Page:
NATO Secretary General Accuses Russia of Continued Presence in UkraineWorld | March 11, 2015, Wednesday // 16:49| views
ATO Secretary General Jens Stoltenberg (L) and the Supreme Allied Commander Europe (SACEUR), General Philip Breedlove address the media at the Supreme Headquarters Allied Powers in Europe (SHAPE) near Mons, Belgium, 11 March 2015. Photo: EPA
NATO Secretary General Jens Stoltenberg accused Russia of its continued presence in Ukraine and called Moscow to withdraw all its forces and end its support for separatists in eastern Ukraine.
This statement came after a meeting of NATO's senior military commanders at the Supreme Headquarters Allied Powers Europe (SHAPE) in Mons, Belgium on Wednesday.
In Stoltenberg's opinion, the Minsk ceasefire seemed to be holding, but remained fragile, while its monitoring at present was “in no way sufficient”.
As regards the withdrawal of heavy weapons, the Secretary General was concerned that it remained unclear where some of the weapons were being withdrawn to.
US General Philip Breedlove, Supreme Allied Commander Europe, stated that the Minsk ceasefire has been successful to some extent.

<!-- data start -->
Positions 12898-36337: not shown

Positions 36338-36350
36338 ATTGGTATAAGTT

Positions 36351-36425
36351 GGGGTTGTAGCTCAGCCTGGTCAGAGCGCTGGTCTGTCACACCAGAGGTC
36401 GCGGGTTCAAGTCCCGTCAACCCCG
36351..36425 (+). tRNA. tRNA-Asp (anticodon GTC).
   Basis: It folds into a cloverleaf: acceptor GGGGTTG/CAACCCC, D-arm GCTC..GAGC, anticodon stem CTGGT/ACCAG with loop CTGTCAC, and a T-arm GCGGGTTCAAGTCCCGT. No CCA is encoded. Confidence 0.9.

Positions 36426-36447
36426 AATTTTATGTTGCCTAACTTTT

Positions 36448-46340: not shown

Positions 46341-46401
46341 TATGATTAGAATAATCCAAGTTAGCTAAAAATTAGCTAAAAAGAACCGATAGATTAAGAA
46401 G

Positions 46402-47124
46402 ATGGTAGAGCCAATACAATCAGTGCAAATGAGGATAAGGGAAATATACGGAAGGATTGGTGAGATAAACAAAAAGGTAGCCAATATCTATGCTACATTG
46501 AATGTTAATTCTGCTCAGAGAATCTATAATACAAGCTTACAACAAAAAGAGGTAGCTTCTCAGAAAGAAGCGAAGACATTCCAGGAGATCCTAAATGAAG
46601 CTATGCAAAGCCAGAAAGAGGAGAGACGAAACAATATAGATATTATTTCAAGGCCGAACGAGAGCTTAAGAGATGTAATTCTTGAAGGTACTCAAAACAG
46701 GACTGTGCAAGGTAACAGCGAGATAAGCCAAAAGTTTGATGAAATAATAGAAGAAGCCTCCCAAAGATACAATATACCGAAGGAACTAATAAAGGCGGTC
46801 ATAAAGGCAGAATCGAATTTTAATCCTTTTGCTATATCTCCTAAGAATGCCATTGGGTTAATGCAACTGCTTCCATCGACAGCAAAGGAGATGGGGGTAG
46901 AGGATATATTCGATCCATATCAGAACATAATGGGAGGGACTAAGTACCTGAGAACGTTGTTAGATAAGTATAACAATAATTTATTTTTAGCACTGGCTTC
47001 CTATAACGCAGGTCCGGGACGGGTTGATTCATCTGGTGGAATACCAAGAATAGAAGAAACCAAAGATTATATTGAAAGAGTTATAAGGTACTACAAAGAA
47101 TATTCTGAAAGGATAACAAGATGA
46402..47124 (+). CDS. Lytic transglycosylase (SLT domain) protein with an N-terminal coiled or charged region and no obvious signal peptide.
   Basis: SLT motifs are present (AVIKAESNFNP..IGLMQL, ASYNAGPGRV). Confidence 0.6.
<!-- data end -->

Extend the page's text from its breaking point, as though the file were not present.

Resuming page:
According to Breedlove, the ceasefire agreement which had been negotiated in February, has considerably decreased fighting and led to the withdrawal of heavy weapons.
The US General pointed that the border between Russia and Ukraine remained wide open, which made it difficult to monitor and estimate the number of Russian troops in Ukraine.
Breedlove urged OSCE monitors to be given full access and freedom of movement in eastern Ukraine in order to be able to examine the withdrawal of heavy weapons.
Stoltenberg expressed his disappointment with Russia's decision to suspend its participation in the Joint Consultative Group (JCG) on the Treaty on Conventional Armed Forces in Europe (CFE).
The Secretary General revealed that NATO was in the process of adapting its “defence posture” to address new challenges in the east and the south.
Breedlove identified these developments, which include moving troops and military equipment to Eastern Europe, as the greatest change to NATO's defence policy since the Cold War.
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